Today’s daf (Ketubot 45b) discusses the punishment due to an adulteress and a defamer and it notes how זו מעשיה גרמו לה – ‘in terms of this one (i.e. the adulteress), her actions caused her [to be punished]’ while וזה עקימת שפתיו גרמו לו – ‘in terms of this one (i.e. the defamer), his curving of his lips caused him [to be punished]’.
Admittedly, from a purely legal perspective, the Gemara is correct in stating that it is the actions of the former, and the words of the latter, which constitutes what they did so wrong as to be deserving of a punishment. Nevertheless, I would like to explore the word גרם, meaning ‘cause’, because life isn’t just experienced from a purely legal perspective.
In terms of an adulterer or an adulteress, aside from a series of events ultimately leading to an act of adultery, there are further contributors to such actions. For example, as I explained in my commentary to Ketubot 44 (see https://rabbijohnnysolomon.com/ketubot-44/), ‘marriage begins with the kiddushin ceremony to remind us that sanctity stems from fidelity and not doing harm to the integrity of one’s marriage’. Therefore, among the ‘causes’ of someone who is unfaithful in a marriage is their lack of respect for their spouse and for their marriage. While in terms of the defamer, among the things that ‘caused’ them to speak as they did is an underappreciation of the dignity that they should afford others, and how the gift of words should be used to create and do good, and not destroy and do bad.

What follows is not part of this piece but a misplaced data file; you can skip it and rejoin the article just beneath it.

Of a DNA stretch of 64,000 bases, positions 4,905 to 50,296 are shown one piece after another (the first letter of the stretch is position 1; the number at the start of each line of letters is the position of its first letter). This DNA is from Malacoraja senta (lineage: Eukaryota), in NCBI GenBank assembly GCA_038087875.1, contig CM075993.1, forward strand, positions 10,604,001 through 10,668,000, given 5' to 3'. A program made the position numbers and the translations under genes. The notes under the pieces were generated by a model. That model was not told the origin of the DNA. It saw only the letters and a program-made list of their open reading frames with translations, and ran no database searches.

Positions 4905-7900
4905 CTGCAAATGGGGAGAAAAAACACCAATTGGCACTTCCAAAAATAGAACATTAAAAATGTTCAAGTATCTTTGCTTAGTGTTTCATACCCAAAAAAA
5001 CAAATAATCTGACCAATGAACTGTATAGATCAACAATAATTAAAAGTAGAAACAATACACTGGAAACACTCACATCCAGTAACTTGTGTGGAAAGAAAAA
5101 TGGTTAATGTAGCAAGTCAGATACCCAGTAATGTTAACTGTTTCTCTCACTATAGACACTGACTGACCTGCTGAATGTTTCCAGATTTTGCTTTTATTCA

True, it is a court of law that evaluates and judges actions, and it is those actions that ‘cause’ that individual to be punished. But in order for such incorrect actions to have been deliberately performed, the foundational ‘cause’ of them are our flawed and faulty attitudes. And this is why all of us must engage in a process of ‘Tikkun HaMiddot’ (meaning ‘the rectifying/repairing of our character traits’) because, as the Vilna Gaon writes in his Even Sheleimah 1:1, כל עבודת השם תלוי בתקון המדות – ‘Our entire service of God depends on [the efforts we make in] the rectifying/repairing of our character traits’.
Ultimately, bad middot are the ‘cause’ of bad actions, and though we are held liable for our bad actions, we are responsible to do what we can to repair our bad middot. Yet unlike the former which occurs in a court, the work of Tikkun HaMiddot occurs in our heart and soul, and though the former is decreed by a judge, the latter is – ultimately – up to us.